ClinGen Dosage Sensitivity Curation Page

SLC6A1

Curation Status: Complete

Gene Information

Location Information

Evidence for Loss Phenotypes

Evidence for loss of function phenotype
PubMed ID Description
23020937 Rauch et al. (2012) detected a de novo frameshift variant (c.452 delT/p.Leu151Argfs?35) in a patient with non-syndromic intellectual disability.
25865495 Carvill et al. (2015) did targeted resequencing on 644 individuals with epileptic encephalopathies which led to the identification of six SLC6A1 mutations in seven individuals. The mutations included two de novo truncating variants (c.1369_1370 delGG/p.Gly457Hisfs?10 and c.578G>A/p.Trp193?) and four missense alterations ( c.131G>A (p.Arg44Gln), de novo; c.889G>A (p.Gly297Arg), de novo; c.1000G>C (p.Ala334Pro)(maternal 9% mosaic and c.863C>T (p.Ala288Val) (inherited from affected mother). The authors believed all these mutations most likely lead to loss of function of GAT-1 and thus reduced GABA re-uptake from the synapse. In addition a small de novo deletion involving SLC6A11 and exon 1 of SLC6A1 was detected in a patient with seizure and intellectual disability.
28849312 Zech M et al. (2017) did WES on a cohort of nine patients with varied combined and/or complex dystonic presentation and identified a de novo splicing mutation c.1079-1G>A/p.Gly360ValfsX14 in patient with a diagnosis of adolescence-onset complex dystonia Epilepsy, intellectual disability.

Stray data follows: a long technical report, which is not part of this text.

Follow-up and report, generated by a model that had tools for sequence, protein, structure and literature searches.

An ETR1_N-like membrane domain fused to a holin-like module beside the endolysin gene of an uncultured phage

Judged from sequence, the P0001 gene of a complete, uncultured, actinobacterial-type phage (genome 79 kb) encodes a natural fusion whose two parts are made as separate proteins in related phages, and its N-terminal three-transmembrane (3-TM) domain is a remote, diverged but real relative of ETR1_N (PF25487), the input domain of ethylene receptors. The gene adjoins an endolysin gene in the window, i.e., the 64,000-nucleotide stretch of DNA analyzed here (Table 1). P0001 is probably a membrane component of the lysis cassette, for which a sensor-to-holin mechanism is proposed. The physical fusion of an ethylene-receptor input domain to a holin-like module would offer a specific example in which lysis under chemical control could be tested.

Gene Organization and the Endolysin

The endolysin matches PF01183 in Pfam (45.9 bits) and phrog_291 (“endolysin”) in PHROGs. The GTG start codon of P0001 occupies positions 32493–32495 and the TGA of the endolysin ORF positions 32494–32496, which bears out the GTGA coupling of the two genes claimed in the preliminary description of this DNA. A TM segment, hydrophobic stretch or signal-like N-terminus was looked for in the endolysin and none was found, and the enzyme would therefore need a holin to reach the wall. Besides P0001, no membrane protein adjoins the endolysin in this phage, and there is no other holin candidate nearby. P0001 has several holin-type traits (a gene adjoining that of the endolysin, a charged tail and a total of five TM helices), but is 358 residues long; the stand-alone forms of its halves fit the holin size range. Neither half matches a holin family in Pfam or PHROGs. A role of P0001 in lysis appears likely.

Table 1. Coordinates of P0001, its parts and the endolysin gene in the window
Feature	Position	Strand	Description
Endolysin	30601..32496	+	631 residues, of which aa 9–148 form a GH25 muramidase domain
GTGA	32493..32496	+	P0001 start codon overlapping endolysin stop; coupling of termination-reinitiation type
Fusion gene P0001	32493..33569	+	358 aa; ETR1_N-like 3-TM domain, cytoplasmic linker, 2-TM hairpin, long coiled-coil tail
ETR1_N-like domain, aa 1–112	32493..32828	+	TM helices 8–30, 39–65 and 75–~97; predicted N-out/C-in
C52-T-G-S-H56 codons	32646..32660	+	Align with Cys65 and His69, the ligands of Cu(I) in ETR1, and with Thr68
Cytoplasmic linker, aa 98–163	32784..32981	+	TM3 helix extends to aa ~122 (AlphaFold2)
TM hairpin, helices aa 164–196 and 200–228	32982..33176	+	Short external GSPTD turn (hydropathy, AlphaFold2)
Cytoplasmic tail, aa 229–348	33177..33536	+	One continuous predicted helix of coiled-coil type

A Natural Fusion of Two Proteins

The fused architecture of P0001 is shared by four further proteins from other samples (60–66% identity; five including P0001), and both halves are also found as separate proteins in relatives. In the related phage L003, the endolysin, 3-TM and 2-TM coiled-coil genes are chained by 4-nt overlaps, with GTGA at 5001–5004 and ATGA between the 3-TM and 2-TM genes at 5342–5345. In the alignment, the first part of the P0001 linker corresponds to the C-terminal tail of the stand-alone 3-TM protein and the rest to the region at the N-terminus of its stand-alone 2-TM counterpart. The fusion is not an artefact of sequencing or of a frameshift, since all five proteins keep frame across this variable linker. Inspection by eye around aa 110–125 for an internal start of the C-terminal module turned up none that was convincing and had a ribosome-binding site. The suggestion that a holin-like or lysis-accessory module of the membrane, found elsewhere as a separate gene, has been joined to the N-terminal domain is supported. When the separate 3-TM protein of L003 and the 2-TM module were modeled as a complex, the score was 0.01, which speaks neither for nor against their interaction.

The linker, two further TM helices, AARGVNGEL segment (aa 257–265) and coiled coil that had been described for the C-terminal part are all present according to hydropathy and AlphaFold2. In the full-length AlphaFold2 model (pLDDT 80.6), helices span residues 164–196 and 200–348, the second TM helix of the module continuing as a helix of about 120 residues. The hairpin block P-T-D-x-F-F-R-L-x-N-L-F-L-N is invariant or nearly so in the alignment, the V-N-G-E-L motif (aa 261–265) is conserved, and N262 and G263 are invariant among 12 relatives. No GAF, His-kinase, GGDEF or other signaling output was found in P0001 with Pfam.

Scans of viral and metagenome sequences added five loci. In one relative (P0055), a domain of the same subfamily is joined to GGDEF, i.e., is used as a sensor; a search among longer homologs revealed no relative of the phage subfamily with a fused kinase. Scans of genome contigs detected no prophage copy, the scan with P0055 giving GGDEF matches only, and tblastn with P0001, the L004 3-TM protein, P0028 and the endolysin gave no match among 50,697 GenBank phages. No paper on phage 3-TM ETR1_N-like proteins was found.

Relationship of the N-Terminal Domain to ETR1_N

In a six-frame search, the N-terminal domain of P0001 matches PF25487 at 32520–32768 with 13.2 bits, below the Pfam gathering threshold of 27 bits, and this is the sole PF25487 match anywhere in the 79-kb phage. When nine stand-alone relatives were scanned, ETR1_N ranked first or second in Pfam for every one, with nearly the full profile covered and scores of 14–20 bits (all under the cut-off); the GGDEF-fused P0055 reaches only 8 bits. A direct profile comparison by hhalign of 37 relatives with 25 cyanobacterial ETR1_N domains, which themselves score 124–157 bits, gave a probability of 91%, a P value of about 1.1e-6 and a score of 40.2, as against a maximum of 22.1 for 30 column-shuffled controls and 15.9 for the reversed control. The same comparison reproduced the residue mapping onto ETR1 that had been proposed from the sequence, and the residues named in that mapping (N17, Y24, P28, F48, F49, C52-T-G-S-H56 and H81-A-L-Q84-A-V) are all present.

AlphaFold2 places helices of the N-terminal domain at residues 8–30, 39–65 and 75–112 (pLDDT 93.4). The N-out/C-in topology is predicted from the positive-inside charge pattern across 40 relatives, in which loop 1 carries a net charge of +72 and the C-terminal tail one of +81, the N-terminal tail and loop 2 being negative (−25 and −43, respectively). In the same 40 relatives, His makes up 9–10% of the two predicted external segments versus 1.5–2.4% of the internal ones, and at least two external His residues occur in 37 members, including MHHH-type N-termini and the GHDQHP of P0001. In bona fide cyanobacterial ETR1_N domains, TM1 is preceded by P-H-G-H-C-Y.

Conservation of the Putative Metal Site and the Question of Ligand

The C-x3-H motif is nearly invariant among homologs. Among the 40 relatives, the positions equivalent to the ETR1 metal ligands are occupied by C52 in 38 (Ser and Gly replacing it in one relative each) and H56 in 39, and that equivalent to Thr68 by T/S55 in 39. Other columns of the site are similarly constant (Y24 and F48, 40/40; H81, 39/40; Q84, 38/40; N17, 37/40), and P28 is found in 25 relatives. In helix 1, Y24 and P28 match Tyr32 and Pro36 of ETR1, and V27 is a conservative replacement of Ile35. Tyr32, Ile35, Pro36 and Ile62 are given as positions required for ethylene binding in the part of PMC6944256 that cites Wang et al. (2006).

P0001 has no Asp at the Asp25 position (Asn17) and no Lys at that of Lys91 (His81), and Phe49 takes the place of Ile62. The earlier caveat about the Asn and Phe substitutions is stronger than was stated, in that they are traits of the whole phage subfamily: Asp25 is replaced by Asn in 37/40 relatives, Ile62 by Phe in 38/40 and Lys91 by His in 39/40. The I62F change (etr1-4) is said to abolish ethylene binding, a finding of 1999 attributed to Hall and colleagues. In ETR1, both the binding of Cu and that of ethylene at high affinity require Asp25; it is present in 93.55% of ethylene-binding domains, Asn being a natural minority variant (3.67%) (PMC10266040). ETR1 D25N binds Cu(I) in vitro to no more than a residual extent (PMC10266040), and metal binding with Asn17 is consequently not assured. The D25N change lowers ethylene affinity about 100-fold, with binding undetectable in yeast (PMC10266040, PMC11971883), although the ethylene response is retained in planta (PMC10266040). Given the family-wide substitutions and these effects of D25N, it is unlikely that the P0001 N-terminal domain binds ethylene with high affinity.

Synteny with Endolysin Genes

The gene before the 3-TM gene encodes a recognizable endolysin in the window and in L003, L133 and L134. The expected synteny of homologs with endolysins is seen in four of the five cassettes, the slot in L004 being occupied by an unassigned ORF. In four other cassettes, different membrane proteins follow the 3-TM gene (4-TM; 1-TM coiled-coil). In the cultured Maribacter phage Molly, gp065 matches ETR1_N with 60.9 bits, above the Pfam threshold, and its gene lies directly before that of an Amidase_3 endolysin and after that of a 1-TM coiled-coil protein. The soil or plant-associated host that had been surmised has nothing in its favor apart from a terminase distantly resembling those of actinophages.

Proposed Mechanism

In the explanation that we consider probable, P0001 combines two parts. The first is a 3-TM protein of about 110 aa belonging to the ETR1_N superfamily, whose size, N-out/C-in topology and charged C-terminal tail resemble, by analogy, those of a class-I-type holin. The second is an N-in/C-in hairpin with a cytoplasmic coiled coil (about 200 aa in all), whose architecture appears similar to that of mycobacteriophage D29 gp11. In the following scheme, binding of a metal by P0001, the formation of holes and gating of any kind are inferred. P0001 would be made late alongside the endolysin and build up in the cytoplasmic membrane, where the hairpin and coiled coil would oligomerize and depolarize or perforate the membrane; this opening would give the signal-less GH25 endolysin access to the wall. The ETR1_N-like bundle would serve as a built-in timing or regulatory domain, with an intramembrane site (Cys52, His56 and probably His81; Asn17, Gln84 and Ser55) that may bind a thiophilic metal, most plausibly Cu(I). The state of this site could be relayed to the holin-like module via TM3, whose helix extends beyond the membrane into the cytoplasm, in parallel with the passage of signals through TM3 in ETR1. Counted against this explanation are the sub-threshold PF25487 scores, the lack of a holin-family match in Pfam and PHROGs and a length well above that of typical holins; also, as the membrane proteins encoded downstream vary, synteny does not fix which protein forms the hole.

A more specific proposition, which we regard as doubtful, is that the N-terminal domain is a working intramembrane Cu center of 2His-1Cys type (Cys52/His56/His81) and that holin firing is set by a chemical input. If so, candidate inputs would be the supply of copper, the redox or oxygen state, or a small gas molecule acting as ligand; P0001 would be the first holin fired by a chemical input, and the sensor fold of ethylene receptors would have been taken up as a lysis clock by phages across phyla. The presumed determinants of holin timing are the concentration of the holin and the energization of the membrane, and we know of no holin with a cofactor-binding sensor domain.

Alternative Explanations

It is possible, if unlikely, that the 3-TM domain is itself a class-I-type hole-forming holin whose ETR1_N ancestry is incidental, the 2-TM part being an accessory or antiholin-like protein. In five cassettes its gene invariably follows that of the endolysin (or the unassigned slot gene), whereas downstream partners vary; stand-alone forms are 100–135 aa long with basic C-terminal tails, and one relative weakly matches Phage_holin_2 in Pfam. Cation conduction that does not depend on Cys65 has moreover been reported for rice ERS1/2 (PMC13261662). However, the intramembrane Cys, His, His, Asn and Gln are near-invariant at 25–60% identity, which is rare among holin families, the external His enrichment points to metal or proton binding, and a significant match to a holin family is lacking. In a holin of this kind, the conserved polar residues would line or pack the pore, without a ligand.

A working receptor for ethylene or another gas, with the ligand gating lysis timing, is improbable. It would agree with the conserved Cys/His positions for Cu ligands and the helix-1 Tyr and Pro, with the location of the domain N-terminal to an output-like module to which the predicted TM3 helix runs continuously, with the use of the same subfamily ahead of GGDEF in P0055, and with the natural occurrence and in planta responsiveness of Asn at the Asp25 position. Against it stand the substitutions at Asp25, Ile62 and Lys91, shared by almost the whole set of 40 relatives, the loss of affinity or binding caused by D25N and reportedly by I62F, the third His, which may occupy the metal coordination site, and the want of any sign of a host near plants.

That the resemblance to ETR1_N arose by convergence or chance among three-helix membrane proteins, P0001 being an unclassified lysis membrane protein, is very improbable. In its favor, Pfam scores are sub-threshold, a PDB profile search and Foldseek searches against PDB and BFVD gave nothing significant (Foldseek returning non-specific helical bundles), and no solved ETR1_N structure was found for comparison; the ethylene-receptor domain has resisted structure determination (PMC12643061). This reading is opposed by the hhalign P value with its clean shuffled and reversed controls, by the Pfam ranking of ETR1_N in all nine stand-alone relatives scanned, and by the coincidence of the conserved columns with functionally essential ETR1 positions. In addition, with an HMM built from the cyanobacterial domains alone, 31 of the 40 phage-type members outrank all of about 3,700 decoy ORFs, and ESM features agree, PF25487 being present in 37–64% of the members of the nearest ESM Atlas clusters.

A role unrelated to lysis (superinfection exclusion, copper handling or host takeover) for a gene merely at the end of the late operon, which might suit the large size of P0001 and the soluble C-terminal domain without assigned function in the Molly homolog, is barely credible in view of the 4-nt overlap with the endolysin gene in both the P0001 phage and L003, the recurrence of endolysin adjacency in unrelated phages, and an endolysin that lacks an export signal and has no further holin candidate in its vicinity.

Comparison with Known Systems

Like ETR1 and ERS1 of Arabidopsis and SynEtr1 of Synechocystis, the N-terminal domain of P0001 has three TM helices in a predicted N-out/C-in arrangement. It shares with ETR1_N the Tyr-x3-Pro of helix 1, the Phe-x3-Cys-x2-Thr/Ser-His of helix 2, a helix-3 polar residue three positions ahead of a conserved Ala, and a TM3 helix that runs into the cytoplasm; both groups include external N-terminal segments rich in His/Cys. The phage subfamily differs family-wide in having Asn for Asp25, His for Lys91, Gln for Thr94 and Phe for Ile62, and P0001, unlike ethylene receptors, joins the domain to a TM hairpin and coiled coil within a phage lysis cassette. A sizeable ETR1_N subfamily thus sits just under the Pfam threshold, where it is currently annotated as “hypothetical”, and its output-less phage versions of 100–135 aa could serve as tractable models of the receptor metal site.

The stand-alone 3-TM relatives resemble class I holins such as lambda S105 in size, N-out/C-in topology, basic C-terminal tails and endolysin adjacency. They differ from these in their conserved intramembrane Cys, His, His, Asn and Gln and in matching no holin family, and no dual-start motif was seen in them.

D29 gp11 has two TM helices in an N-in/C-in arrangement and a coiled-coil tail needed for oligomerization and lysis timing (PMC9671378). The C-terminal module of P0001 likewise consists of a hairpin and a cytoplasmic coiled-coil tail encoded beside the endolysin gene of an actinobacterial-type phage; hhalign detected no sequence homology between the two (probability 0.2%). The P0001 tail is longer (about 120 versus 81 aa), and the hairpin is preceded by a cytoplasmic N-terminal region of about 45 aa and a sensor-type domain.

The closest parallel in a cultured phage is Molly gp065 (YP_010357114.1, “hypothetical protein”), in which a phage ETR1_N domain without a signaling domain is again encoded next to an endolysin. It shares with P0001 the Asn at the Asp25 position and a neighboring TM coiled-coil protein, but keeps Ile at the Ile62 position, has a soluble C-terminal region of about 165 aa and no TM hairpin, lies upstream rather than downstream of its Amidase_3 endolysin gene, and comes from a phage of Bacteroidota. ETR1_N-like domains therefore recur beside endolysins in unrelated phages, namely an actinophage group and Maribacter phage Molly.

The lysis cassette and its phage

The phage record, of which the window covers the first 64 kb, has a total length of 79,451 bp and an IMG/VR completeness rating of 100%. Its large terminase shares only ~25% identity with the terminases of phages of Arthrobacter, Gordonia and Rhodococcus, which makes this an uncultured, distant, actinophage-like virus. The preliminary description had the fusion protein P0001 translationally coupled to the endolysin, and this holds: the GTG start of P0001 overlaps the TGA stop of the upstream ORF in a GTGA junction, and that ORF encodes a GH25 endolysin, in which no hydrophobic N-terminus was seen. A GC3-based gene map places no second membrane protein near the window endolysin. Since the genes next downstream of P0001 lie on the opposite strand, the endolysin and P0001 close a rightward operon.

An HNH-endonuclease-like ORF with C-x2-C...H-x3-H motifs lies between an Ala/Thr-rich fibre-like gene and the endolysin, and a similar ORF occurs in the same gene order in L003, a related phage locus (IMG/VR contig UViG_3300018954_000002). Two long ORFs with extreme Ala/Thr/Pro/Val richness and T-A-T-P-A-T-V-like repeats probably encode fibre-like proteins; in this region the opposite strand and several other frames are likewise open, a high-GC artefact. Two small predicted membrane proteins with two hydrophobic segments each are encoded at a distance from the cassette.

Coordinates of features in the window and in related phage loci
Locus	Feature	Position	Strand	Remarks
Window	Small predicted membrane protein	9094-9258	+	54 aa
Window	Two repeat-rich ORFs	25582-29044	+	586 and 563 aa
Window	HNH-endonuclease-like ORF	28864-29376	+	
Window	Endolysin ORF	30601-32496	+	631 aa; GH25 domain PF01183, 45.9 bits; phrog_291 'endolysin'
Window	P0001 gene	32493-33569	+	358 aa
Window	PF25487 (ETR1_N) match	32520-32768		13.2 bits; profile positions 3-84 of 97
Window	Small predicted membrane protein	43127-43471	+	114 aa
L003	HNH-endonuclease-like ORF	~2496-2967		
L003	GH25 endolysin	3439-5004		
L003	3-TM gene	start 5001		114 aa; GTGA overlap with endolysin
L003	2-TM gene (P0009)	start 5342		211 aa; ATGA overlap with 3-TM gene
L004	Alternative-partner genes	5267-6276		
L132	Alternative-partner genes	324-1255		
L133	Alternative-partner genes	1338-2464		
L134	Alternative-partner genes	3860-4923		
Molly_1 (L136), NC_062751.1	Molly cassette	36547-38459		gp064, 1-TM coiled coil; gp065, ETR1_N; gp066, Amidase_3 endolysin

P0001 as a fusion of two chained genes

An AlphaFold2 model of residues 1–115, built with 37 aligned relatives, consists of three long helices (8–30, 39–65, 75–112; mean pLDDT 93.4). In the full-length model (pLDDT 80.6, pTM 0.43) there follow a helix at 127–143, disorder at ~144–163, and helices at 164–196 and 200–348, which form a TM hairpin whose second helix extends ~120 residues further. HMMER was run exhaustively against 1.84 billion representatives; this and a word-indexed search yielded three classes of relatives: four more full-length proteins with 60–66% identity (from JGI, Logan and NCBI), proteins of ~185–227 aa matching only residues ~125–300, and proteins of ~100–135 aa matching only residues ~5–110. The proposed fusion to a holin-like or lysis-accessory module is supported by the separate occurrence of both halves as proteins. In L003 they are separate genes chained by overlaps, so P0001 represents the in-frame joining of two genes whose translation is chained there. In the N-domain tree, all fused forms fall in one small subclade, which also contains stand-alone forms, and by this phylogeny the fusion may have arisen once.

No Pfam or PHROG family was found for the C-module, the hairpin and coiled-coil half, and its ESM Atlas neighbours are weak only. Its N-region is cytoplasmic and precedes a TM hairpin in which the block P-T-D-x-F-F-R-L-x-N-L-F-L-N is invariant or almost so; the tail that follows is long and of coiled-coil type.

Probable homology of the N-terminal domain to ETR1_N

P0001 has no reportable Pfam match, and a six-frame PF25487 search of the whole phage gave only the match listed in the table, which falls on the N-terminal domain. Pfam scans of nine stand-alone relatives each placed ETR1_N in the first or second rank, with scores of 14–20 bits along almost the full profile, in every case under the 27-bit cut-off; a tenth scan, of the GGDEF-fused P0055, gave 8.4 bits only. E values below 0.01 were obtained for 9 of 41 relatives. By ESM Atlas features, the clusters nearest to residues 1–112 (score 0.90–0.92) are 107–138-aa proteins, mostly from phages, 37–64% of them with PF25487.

Evidence for Triplosenstive Phenotype

NOTE:The loss of function score should be used to evaluate deletions, and the triplosensitivity score should be used to evaluated duplications. CNVs encompassing more than one gene must be evaluated in their totality (e.g. overall size, gain vs. loss, presence of other genes, etc). The rating of a single gene within the CNV should not necessarily be the only criteria by which one defines a clinical interpretation. Individual interpretations must take into account the phenotype described for the patient as well as issues of penetrance and expressivity of the disorder. ACMG has published guidelines for the characterization of postnatal CNVs, and these recommendations should be utilized (Genet Med (2011)13: 680-685). Exceptions to these interpretive correlations will occur, and clinical judgment should always be exercised.